I have to make a storage cabinet which will be suspended from a garage
ceiling. It'll be
fifteen feet long and quite heavy. One thing I definitely don't want
to do is use drywall
screws in the construction; some brands even come with a label warning
not to use
them in shear strength situations. I've seen screws in bulk that look
like drywall screws,
but fatter, for wood applications. What I'd like to find is a good
source for mild-steel
flat head wood screws on the internet. Those GRK screws are great but
I don't know
if they're "snappable" or not.
Quickly, what I use most of the time, for cabinet making, is only weather
plated deck screws, I buy them by the pound at Home Hardware (Canada).
Their price is around $3.50 CAD per pound. It is not worth it for me to buy
them on the internet and pay shipping.
In ten years these screws have not rusted on my wooden deck yet.
The density of the wood you are going to use plays a large part on the type
of screw you are going to use.
Hardwood, need to have a pilot hole prior to driving the screw. When using
softwood and sometime hardwood for structural purposes I drill through and
use carriage bolts. When I use MDF and sometime plywood I prefer to use
metal screws because it offers more threads than the conventional wood
screws. As for boat building or any work to be used in the water I only use
the best SS fasteners.
I have used screws like the one you described as black looking like drywall.
The one I bought ($2.00 per pound) had a Robertson head and under moderate
to strong torque they were snapping. Plus my hands got all black.
| I have to make a storage cabinet which will be suspended from a
| garage ceiling. It'll be
| fifteen feet long and quite heavy. One thing I definitely don't
| want to do is use drywall
| screws in the construction; some brands even come with a label
| warning not to use
| them in shear strength situations. I've seen screws in bulk that
| look like drywall screws,
| but fatter, for wood applications. What I'd like to find is a good
| source for mild-steel
| flat head wood screws on the internet. Those GRK screws are great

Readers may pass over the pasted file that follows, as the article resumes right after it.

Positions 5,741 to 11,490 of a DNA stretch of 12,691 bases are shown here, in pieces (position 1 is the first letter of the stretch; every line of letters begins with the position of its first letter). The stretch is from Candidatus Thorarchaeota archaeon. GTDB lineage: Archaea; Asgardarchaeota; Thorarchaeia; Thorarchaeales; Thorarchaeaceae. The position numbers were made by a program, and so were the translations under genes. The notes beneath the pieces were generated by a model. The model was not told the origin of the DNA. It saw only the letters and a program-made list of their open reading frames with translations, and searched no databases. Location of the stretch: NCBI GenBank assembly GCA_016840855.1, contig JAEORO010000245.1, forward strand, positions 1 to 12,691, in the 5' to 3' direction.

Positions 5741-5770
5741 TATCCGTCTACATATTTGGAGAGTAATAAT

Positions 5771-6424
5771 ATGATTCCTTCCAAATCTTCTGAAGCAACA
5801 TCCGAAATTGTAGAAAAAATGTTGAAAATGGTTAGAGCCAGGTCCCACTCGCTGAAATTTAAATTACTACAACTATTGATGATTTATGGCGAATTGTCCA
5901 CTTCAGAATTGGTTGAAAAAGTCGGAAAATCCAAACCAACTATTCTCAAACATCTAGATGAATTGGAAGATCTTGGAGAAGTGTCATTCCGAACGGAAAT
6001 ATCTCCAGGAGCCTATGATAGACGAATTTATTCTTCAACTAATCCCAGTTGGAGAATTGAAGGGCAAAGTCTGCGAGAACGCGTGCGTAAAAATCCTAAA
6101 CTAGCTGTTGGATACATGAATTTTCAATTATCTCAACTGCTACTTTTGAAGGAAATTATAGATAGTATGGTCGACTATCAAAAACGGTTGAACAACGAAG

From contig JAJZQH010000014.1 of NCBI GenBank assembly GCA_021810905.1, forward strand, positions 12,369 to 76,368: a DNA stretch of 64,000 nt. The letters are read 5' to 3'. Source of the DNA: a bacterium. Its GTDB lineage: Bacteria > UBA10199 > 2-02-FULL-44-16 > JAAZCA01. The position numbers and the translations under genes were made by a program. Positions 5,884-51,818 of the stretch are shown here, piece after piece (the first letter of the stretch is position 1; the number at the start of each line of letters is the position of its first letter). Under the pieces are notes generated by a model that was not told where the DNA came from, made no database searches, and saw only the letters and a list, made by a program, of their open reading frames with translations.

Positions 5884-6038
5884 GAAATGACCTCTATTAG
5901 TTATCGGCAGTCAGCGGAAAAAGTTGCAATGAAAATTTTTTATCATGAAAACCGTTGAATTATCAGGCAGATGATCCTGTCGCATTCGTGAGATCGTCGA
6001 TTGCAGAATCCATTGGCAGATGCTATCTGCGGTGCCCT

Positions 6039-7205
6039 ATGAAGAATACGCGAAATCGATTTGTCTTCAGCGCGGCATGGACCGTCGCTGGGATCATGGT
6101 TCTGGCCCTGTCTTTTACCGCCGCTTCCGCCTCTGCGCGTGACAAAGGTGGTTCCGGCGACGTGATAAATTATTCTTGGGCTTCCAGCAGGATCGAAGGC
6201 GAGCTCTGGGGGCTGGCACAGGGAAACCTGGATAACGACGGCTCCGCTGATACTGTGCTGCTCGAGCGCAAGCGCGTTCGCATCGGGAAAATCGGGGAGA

| but I don't know
| if they're "snappable" or not.
You might find one of my projects of interest...
My garage is more or less a 10-1/2'-wide stall in a long row of poured
concrete garages. I set a 2x6 across the backs of the side walls - and
proceeded to use my (then) brand new Kreg jig to build a suspended
wall (of 2x4's) down to and even with the top of my work bench. The
top half carries wall-to-wall doorless cabinets with adjustable
shelves and the bottom half is covered with pegboard for tools. The
cabinets are used for everything from house paint to auto parts; and
the pegboard holds most of the hand tools I keep at home. When I built
it, I thought it'd be a good test for pocket joinery.
It's been rock solid for five or six years now - and isn't showing any
sign of weakening.
It might be worthwhile to consider using pocket joinery and Kreg or
McFeely washer head screws.
DeSoto, Iowa USA
I like the self tapping sheet sheet metal screws. I would use them all the
time too. But Stainless Steel fasteners are expensive in Canada. I have
learned that on the market you can find cheap S/S but believe or not when
use close the sea they do rust.
A good test is to use a magnet and if it slightly pull the SS fasteners, to
me, it means that its not first quality.
On the other hand when I buy 316SS fasteners they do not rust but they cost
much more. So I only use SS fasteners for boat building, repair and
Further to Lew's posting concerning SS screws I have made a little research.
I have learned that the cost of the average SS deck screw is $26.00 USD
compared to $3.50 CAD.
At Hamilton Marine http://www.hamiltonmarine.com/ they advertised the SS
deck screw for around $12.00 USD per pound plus shipping.
> I like the self tapping sheet sheet metal screws. I would use them
> time too. But Stainless Steel fasteners are expensive in Canada. I
> learned that on the market you can find cheap S/S but believe or not
> use close the sea they do rust.
> A good test is to use a magnet and if it slightly pull the SS
> me, it means that its not first quality.
> On the other hand when I buy 316SS fasteners they do not rust but
> much more. So I only use SS fasteners for boat building, repair and
> nautical installations
The magnet test is quite revealing.
If I can get them use 316, if not will settle for 304 AKA: 18-8, but
The operative words are "stain" & "less".
Take a look at the pots and pans in the kitchen. They are 304(18-8) and
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